During Yoga Nidra, we let our awareness wander through the whole body. While doing so, we move through different stages of consciousness just as in sleep: We shift between the waking state, dream state, and finally to deep, dreamless sleep. It creates deep relaxation for health, mental peace, and higher awareness and has been quoted to say that it is a practice of self mastery of the autonomic nervous system.
Relaxation exercises are used to prepare the mind and body for Yoga Nidra by balancing the right and left hemispheres of the brain and stimulating the subtle energies of our vital force, the Prana.
It’s said that 1 hour of Yoga Nidra is as restorative as 4 hours of sleep. What does this mean? By receiving the proper rest, we enhance functioning of the immune and metabolic systems. In turn, this improves our overall physical health and leads to higher energy as well as fewer colds and infections of all types. Rest also improves mental health, eliminating brain fog, insomnia, anxiety attacks, PTSD and depression.
We engage in simple breathing exercises to release tension and trigger the nervous system to induce a state of parasympathetic activation.
Creating a Sankalpa (Intention or Resolve)
This intention is something we wish to manifest in any area of our life or a quality we wish to cultivate and/or embody. For example, someone might want to manifest fearlessness, courage, inner peace, or fulfilment.
Rotation of Consciousness
The primary objective in this stage is to isolate the mind. The mind is focused, alert, and separated from external stimuli. We separate from the body, from the senses, and from their need for attention. So we create command control over the sensory mechanisms of the physical body, specifically through exercises which deal with the mapping of the brain and opens the gate to the contents of the subconscious and unconscious levels of mind.
The science behind this stage is simply to make use of the
principle of homunculus, or the walking sensation through the cerebral cortex.
The mapped stimulation through the brain relaxes the motor and sensory regions,
thereby relaxing the body and the mind.
“A cortical homunculus is a pictorial representation of the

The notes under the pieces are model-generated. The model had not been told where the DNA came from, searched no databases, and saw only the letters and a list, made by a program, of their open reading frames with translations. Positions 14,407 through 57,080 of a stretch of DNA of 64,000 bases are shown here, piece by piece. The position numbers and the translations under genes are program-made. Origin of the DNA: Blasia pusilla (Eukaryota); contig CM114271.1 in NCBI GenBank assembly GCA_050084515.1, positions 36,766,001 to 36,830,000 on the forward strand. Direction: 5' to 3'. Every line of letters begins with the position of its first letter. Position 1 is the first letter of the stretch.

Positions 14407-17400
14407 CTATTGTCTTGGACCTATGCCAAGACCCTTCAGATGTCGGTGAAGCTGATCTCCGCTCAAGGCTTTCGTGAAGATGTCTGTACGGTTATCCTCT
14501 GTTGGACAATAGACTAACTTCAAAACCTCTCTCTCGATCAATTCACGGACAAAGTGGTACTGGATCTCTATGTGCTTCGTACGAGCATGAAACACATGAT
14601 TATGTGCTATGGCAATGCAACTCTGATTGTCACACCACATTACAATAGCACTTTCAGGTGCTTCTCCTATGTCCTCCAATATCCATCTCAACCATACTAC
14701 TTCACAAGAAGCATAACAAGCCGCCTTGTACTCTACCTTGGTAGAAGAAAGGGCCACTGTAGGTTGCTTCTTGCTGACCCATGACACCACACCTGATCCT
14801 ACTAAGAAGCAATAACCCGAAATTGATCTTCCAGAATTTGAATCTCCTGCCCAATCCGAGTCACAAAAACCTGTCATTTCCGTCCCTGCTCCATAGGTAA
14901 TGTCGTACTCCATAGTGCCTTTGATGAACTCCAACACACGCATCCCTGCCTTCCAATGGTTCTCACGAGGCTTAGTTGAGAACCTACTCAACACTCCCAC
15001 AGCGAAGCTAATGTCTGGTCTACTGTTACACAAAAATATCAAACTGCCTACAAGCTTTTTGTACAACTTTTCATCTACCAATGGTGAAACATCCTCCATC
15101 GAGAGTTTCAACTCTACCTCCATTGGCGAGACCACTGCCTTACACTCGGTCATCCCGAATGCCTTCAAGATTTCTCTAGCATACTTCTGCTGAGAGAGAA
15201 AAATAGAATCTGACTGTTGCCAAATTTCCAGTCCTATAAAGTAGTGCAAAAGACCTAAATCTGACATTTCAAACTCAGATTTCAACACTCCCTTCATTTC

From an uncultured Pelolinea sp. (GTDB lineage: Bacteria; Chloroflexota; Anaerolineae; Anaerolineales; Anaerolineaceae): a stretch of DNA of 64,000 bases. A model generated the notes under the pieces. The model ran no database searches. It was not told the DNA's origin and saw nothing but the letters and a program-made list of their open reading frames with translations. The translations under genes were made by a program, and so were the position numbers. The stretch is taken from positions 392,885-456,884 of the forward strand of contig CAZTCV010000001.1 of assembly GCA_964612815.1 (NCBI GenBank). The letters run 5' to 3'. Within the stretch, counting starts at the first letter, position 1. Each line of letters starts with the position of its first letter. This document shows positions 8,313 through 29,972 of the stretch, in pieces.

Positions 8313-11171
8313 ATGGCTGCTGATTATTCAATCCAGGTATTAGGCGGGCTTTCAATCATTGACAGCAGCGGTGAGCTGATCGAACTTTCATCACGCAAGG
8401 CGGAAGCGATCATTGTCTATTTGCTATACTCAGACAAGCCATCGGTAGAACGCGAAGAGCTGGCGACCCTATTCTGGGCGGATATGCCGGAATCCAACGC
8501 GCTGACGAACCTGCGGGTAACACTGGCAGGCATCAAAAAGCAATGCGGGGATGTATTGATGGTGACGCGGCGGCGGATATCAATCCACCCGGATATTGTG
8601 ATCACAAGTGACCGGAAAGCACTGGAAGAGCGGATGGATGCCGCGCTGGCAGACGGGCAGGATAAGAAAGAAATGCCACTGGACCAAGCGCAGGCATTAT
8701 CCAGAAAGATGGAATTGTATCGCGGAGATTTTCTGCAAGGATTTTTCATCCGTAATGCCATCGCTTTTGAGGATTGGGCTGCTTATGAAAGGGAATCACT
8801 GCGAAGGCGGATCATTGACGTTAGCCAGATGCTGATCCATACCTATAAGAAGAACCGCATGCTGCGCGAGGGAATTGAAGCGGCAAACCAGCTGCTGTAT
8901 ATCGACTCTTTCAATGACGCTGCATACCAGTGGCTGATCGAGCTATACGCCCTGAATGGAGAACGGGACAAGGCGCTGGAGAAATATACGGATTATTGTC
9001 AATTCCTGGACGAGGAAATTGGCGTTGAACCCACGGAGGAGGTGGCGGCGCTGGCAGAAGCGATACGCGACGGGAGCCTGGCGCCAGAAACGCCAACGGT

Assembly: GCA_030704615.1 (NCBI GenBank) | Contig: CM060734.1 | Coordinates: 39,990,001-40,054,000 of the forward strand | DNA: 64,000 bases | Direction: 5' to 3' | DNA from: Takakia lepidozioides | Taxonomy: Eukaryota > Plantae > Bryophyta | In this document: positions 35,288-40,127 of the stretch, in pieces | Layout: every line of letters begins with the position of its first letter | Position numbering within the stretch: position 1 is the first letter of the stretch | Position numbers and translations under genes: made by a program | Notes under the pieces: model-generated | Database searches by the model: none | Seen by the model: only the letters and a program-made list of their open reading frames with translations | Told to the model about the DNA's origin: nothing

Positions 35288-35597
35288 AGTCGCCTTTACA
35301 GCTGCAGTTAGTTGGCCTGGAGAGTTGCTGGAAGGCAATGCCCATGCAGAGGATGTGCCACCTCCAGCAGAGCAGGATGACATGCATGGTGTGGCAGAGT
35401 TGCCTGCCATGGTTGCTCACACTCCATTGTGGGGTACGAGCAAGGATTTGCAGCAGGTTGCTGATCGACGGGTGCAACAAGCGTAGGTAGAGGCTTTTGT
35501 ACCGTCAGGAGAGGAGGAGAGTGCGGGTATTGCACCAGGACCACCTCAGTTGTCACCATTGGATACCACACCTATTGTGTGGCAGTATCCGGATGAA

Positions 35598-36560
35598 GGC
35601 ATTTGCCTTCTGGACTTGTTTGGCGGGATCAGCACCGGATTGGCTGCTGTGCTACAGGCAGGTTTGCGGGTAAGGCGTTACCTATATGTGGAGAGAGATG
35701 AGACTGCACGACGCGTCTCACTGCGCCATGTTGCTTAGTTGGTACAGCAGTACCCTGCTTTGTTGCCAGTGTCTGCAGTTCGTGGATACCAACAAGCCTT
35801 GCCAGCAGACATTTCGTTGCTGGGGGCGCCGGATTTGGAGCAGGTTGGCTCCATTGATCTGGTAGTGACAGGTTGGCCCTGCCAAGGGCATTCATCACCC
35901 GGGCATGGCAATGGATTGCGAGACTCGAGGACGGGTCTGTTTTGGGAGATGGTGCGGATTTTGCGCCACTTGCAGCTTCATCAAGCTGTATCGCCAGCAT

anatomical divisions of the primary motor cortex and the primary somatosensory
cortex, i.e., the portion of the human brain directly responsible for the
movement and exchange of sensory and motor information of the body. It is a
visual representation of the concept of ‘the body within the brain’ — that
one’s hand or face exists as much as a series of nerve structures or a “neuron
concept” as it does in a physical form.”
Awareness of Prana
The objective here is not only to enhance our ability to be aware and connected to our emotional responses, but also to work with the subtle body. We want to become mindful of the realms that lie beyond body and experience the pranic tide of breath without judgement.
Awareness of Feeling and Emotion
Our aim at this stage is to use the interaction of polarized emotional experience through a type of word association. We want to dissolve our attachment to emotional and conditional programming that lies hidden from conscious awareness in the subconscious mind.
With detachment and without fear we observe the polarisations then seek equilibrium to their experience to culminate indifference. Experiencing both waves of a feeling or emotion can have significant impact on releasing stored effect of past experience. We simply invite without added distortion what ever may arise remaining fixed on observing the intensity, and flavour of each experience and even where in the body it’s centred.
At this stage, we access and work with contents of the unconscious mind and samskaras which are our mental and emotional patterns, individual impressions, ideas, or actions. Together, our samskaras make up our programming. Here, guidance through a series of archetypal images or a guided visualization in form of a vivid journey will evoke responses in our relaxed mind. We cleanse and heal the mine field of deep-rooted conditioning.
The Final Step
We revisit our intention (sankalpa) and plant it into the field of the unconscious mind. We then return awareness back to the body. Yoga Nidra takes us through a magical process of releasing the physical body, quieting the brain waves, moving towards a calm theta state.